Spiritual Rhythms: Prayer

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"Grace" by Eric Enstrom

“Grace” by Eric Enstrom

Two images from my childhood are seared into my mind. One is this painting-like photograph that hung over our dining room table for as long as I can remember. Little did I know then that the picture is ubiquitous, hanging in homes, churches, and even offices throughout the world. (Read its story here.)

The other image is similar, but even more life-like: it is my father, seen through the cracked-open door in his study at home, sitting at his large oak desk, bowed in prayer; or in the easy chair in the same room, Bible open on his lap; or kneeling in prayer at that chair, hands clasped under his head like the old man in the photograph.

Anyone who has grown up around church has some concept of prayer. Most Americans, in fact, undoubtedly have some concept, even if it comes more from stereotypes and Hollywood caricatures than from the devout practices of faith. Actually praying, however, is a different matter.

“Praying is simply talking with God.” Or is it? There is truth in the statement, but it is woefully inadequate and short-sighted: it reduces prayer to task and information; it shifts the focus and the power of prayer away from the relationship that God wants to have with us and puts the focus on us, on me, on the one “doing the praying.”

The earnest (heartfelt, continued) prayer of a righteous man makes tremendous power available [dynamic in its working]. (James 5:16b, Amplified Bible, 1987)

But how do we pray? We begin with a heart that desires a relationship with God. Adam and Eve used to walk with God in the evening, but when they sinned, they hid…until God said, “where are you?” Those first words of grace in the Bible invited them back into the relationship that had been broken by their disobedience. And they are the words God speaks to invite us into a prayer relationship with him.

There is a place for words in prayer. There is even a place for asking—for healing (Mark 10:51), for life (2 Kings 20:1-11), even for success and prosperity (1 Chronicles 4:10). But the asking flows out of relationship. When King Hezekiah prayed for his life to be spared, he prayed, “I have walked before you in faithfulness and with a whole heart” (2 Kings 20:3, emphasis mine).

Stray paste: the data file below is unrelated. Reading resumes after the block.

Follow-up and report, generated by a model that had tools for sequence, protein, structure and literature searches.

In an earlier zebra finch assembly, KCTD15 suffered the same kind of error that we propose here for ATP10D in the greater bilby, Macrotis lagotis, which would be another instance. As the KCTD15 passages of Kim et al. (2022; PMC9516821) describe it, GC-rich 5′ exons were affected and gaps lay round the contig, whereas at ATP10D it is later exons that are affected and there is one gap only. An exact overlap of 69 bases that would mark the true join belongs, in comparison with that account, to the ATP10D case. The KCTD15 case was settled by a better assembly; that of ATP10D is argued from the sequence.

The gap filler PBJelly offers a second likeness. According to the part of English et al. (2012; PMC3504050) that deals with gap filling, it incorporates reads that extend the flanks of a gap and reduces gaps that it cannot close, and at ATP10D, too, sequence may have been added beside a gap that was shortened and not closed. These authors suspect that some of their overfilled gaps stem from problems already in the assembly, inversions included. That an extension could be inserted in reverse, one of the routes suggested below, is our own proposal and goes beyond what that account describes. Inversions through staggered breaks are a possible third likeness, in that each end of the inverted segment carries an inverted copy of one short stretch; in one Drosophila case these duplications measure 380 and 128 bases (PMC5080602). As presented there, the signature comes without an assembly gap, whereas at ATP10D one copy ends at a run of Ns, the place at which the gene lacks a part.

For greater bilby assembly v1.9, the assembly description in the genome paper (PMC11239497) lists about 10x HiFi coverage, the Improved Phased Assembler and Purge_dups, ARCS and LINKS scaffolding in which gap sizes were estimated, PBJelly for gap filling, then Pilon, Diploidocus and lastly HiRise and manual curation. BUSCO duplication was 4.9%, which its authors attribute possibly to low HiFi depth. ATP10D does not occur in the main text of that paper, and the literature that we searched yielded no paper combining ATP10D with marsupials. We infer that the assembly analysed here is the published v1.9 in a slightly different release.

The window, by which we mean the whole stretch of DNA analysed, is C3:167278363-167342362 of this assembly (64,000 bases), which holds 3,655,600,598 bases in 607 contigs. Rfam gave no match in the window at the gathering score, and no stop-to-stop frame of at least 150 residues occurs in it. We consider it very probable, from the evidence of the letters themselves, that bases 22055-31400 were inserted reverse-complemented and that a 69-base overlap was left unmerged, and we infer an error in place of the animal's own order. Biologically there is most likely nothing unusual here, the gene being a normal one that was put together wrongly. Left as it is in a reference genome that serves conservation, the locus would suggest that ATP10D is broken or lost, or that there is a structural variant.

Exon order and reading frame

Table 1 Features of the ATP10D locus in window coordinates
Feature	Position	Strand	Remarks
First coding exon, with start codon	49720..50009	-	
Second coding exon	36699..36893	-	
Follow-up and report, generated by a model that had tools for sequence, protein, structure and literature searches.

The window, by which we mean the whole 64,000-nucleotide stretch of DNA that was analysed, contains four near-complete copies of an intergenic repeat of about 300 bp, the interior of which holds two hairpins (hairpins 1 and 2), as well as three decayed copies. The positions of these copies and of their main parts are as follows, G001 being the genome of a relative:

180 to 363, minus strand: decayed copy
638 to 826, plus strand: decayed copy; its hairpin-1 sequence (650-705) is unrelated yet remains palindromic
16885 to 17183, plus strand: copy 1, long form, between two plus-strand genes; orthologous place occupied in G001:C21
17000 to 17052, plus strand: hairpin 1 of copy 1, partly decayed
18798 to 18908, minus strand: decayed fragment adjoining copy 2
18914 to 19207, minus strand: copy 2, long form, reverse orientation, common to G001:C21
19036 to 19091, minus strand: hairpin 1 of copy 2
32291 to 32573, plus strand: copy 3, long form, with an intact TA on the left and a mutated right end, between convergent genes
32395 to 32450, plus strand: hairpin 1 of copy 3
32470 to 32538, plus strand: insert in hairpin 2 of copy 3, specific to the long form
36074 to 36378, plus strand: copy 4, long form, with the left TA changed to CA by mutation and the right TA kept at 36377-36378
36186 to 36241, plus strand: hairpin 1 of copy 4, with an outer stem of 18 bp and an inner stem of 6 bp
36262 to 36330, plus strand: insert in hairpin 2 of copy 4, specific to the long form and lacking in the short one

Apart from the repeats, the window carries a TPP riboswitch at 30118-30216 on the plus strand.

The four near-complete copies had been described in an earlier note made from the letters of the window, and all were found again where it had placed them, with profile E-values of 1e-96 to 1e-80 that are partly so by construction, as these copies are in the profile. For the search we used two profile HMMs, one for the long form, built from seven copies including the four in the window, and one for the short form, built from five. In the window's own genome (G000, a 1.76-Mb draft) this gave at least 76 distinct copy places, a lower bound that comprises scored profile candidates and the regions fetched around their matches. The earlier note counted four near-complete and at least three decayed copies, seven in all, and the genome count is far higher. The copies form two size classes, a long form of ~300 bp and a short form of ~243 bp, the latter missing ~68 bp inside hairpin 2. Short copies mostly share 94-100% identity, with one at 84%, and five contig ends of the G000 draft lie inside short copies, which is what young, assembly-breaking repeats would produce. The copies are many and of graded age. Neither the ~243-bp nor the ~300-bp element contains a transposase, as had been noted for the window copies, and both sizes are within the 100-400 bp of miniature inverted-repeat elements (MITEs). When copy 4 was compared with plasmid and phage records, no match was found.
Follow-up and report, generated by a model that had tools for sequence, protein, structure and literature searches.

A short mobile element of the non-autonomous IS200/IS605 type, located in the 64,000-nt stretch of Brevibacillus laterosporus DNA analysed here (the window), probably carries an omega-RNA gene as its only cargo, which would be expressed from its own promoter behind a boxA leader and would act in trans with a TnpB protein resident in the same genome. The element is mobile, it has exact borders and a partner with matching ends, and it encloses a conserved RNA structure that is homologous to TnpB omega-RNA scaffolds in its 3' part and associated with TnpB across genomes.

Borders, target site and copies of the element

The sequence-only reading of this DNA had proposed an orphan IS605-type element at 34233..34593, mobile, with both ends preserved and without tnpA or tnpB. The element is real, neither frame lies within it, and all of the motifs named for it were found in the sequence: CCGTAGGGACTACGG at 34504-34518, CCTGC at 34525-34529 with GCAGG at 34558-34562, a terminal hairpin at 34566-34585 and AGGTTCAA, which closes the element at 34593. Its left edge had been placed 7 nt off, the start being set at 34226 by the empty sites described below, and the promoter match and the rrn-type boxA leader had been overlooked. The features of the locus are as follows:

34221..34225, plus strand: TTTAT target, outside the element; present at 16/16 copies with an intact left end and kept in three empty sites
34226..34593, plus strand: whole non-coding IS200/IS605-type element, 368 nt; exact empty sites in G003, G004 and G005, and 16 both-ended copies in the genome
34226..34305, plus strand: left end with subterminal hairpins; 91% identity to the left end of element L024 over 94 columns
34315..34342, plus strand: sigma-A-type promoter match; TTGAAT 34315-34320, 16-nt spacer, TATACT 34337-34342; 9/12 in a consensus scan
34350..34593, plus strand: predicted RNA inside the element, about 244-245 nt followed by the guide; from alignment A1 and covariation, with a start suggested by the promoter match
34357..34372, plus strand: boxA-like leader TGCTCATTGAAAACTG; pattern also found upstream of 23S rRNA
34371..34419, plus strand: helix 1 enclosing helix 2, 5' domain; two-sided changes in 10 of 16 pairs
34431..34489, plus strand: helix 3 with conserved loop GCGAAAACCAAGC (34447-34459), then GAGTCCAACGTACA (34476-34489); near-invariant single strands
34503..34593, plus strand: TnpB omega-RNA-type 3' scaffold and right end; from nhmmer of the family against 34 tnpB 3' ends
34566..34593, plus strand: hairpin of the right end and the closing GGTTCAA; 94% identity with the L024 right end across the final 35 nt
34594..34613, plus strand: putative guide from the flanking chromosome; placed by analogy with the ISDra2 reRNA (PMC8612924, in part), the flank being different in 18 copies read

The hard work of prayer begins with relationship, focuses on relationship, and builds relationship.

Prayer, as Jesus taught his disciples, begins with recognizing the One in whose presence we stand (“Our Father in heaven”) and his character (“may your name always be kept holy”). In prayer we submit ourselves to his will (“your kingdom come, your will be done”); that’s the really hard part, because those words rarely line up with our heart.

And only when our eyes and mind and heart are truly aligned with God’s are we set free to say, “give us this day….”

There is no magic formula for prayer, but Jesus’ disciples asked him to teach them how to pray, this was his response:

Our Father—Daddy, Papa—in heaven, you are holy; let us keep your name holy. You reign in heaven; reign here on earth, too, even now. Do what you want to do, what is best; I willingly submit to your will. Give us today [no sooner, no later] what we need for today [no more, no less]. Forgive us our debts, our sins, our disobedience; even as we forgive those who owe us, have wronged us, have hurt us. Don’t lead us into temptation [Jesus already went there for us], but deliver us from evil and the evil one. Amen. [Which simply means, “I agree”—it isn’t just a period at the end of a sentence, it is a word of submission to God’s will. Use it well!]

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